ROCKLAND — A judge agreed to approve a $693,000 attachment on properties owned by a company and three of its members who are accused of defrauding an elderly couple.

The lawyer for the business denies the allegations and said the business and its members engaged in legitimate business transactions and the couple will be repaid.

Justice Bruce Mallonee approved the attachment on July 5 in Knox County court in a civil lawsuit filed the same day by Gerald and Marianne Lassell of Washington against SRB Homes LLC; Robert L. Milliken II and Robin S. Milliken of Union; and Branden L. Rubenstein of Jefferson. The three people are listed as registered members of SRB.

Mallonee approved the attachment without a hearing, saying in his decision that “there is a clear danger that the Defendants if notified in advance of attachment of property will remove it from the state or will conceal it or will otherwise make it unavailable to satisfy a judgment.”

He also said that, based on the information filed with the court, the Lassells will likely recover a judgment equal to or greater than the $693,000.

The attachment order was filed Aug. 2 in the registries of deeds in Knox, Lincoln, and Kennebec counties where the defendants own properties.


The lawsuit alleges that SRB had been flipping houses and borrowing money from the Lassells, both now 90 years old. The civil lawsuit claims the defendants took out 18 loans from the couple ranging in amounts from $6,500 to $80,000 beginning in 2015 but failed to repay many of them, adding up to $468,000 in unpaid principal and $225,000 in interest. The loans were taken out as late as 2019.

SRB is listed in its annual report as being involved in real estate investing, buying, rehab, selling and leasing of real estate. The Lassells met Robin Milliken in 2015 after the couple posted an ad in Uncle Henry’s seeking assistance in renovating and selling the house of Gerald Lassells’ late parents.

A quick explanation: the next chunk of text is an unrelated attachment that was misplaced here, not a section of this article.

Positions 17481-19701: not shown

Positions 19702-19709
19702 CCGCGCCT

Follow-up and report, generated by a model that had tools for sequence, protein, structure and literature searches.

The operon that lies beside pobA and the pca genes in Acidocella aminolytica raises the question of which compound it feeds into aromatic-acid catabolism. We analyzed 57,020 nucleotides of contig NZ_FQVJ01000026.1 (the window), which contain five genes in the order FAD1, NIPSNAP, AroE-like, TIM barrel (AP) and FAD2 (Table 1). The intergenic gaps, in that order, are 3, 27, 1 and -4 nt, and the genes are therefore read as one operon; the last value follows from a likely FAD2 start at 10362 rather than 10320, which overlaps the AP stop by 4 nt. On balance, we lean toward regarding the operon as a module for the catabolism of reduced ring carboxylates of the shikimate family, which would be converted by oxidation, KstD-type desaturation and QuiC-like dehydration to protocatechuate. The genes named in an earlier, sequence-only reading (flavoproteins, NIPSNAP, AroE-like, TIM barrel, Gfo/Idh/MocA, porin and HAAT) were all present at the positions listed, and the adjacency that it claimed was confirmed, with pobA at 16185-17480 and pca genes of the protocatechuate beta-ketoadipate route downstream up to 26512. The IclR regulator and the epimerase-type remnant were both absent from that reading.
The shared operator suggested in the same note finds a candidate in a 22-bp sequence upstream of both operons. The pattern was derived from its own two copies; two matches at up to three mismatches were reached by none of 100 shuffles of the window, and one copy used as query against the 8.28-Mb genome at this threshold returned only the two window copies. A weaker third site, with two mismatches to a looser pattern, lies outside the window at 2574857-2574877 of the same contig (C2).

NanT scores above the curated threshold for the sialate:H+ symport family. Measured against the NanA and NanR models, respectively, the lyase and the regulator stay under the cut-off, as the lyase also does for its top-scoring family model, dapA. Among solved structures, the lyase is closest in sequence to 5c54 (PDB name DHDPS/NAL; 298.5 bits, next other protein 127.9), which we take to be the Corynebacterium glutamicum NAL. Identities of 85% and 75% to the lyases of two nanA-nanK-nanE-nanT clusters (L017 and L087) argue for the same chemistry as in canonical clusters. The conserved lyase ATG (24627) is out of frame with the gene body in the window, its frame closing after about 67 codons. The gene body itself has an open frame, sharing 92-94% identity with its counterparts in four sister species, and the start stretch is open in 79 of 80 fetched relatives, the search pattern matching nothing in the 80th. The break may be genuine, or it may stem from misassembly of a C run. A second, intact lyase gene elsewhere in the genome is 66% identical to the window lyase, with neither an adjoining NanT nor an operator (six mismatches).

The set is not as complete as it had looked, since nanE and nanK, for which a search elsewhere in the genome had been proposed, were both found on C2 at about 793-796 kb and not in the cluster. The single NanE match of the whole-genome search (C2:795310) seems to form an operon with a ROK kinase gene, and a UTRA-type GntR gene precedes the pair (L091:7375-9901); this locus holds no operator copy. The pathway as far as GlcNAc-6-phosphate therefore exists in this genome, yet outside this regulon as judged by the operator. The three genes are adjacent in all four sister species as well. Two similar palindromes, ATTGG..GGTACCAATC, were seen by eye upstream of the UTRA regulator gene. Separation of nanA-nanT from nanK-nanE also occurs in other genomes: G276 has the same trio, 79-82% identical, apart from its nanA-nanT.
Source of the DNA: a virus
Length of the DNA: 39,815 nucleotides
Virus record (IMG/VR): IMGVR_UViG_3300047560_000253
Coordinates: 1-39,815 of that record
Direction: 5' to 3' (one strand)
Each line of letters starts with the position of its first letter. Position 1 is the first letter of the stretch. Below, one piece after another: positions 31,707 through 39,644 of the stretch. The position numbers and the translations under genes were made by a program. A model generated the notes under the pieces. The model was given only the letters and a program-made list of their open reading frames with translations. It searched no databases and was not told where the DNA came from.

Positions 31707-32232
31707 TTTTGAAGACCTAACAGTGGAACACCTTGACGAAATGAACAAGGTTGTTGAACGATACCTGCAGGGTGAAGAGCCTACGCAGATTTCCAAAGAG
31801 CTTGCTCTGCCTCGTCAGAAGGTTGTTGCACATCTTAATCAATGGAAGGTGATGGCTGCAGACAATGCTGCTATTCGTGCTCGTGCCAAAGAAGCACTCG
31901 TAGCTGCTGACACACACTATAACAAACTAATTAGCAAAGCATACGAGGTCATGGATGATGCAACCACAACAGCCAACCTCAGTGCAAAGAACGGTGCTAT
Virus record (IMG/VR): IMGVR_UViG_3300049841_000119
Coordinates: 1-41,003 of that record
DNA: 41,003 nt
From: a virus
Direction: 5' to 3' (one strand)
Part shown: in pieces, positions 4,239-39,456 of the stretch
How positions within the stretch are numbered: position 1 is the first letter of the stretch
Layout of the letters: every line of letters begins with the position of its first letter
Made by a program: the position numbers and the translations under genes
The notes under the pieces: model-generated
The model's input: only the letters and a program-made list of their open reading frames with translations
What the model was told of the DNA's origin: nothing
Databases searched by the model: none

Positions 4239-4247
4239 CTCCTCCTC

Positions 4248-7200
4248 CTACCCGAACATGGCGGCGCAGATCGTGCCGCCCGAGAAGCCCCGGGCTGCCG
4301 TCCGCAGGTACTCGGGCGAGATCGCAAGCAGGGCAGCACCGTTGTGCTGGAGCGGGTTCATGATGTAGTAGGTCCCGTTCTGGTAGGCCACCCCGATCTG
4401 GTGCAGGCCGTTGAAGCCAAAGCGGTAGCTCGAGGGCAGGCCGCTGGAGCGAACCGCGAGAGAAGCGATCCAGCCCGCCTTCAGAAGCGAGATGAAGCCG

The lawsuit makes frequent references to Robin Milliken and transactions with the Lassells on behalf of SRB. The other two defendants are only referenced as being managers of SRB.

The lawsuit states that SRB would acquire properties, and take out loans with verbal agreements with the Lassells to repay each of the loans within a year at 10 percent interest. In many of those cases, the loans were not repaid as agreed or were repaid at lesser amounts, according to the lawsuit.

The lawsuit contends the Lassells have loaned a sizeable portion of their life savings that the defendants had no intention of repaying.

“Robin Milliken repeatedly stopped by the Plaintiffs’ home, chatting with them in a friendly manner, offering to massage Mrs. Lassell’s feet, bringing small gifts such as groceries and premade dinners, and acting in such a way as grow Plaintiffs’ trust and affections,” the lawsuit states.


The suit further alleges that Robin Milliken touted herself as an advocate for victims in an unrelated legal case in Union in which a contractor, Malcolm Stewart, is accused of taking money from more than 50 customers in 2018-19 and either not doing the work or doing partial, shabby work. The Stewart case – both the civil and criminal – remains pending in court. The suit points out that Robin Milliken made statements to the media promoting herself as an advocate for the victims in that case.

“This self-promotion is, for lack of a better word, shameless. Mrs. Milliken has a demonstrable track record of going out of her way to seem publicly virtuous all while privately stealing from the Lassells,” the civil lawsuit filed by the Lassells claims.

The lawsuit further contends she tried to involve herself in the Lassells’ estate planning, indicating that the defendants had no intention of repaying the Lassells “while they live and breathe.” Instead, the lawsuit said the Lassells had been asked to assign the debt to their estate.

Attorney Steven Peterson, who represents the Millikens, said there was no fraud involved. Peterson said the Lassells had been lending money to the business to repair houses and then sell them at a profit. Many of those houses are still in the process of being upgraded before being sold.

“They will be paid in full,” he said.

Peterson maintained the Millikens had repeatedly asked to put the loan agreements in writing but the Lassells wouldn’t sign them.

“The Millikens hope to work together with them and make everyone whole,” he said.

The Lassells are represented by attorneys Stephen Smith and Carl Woock.

SRB and the defendants have not yet been formally served with the lawsuit and thus have not filed a formal response to the allegations in court.

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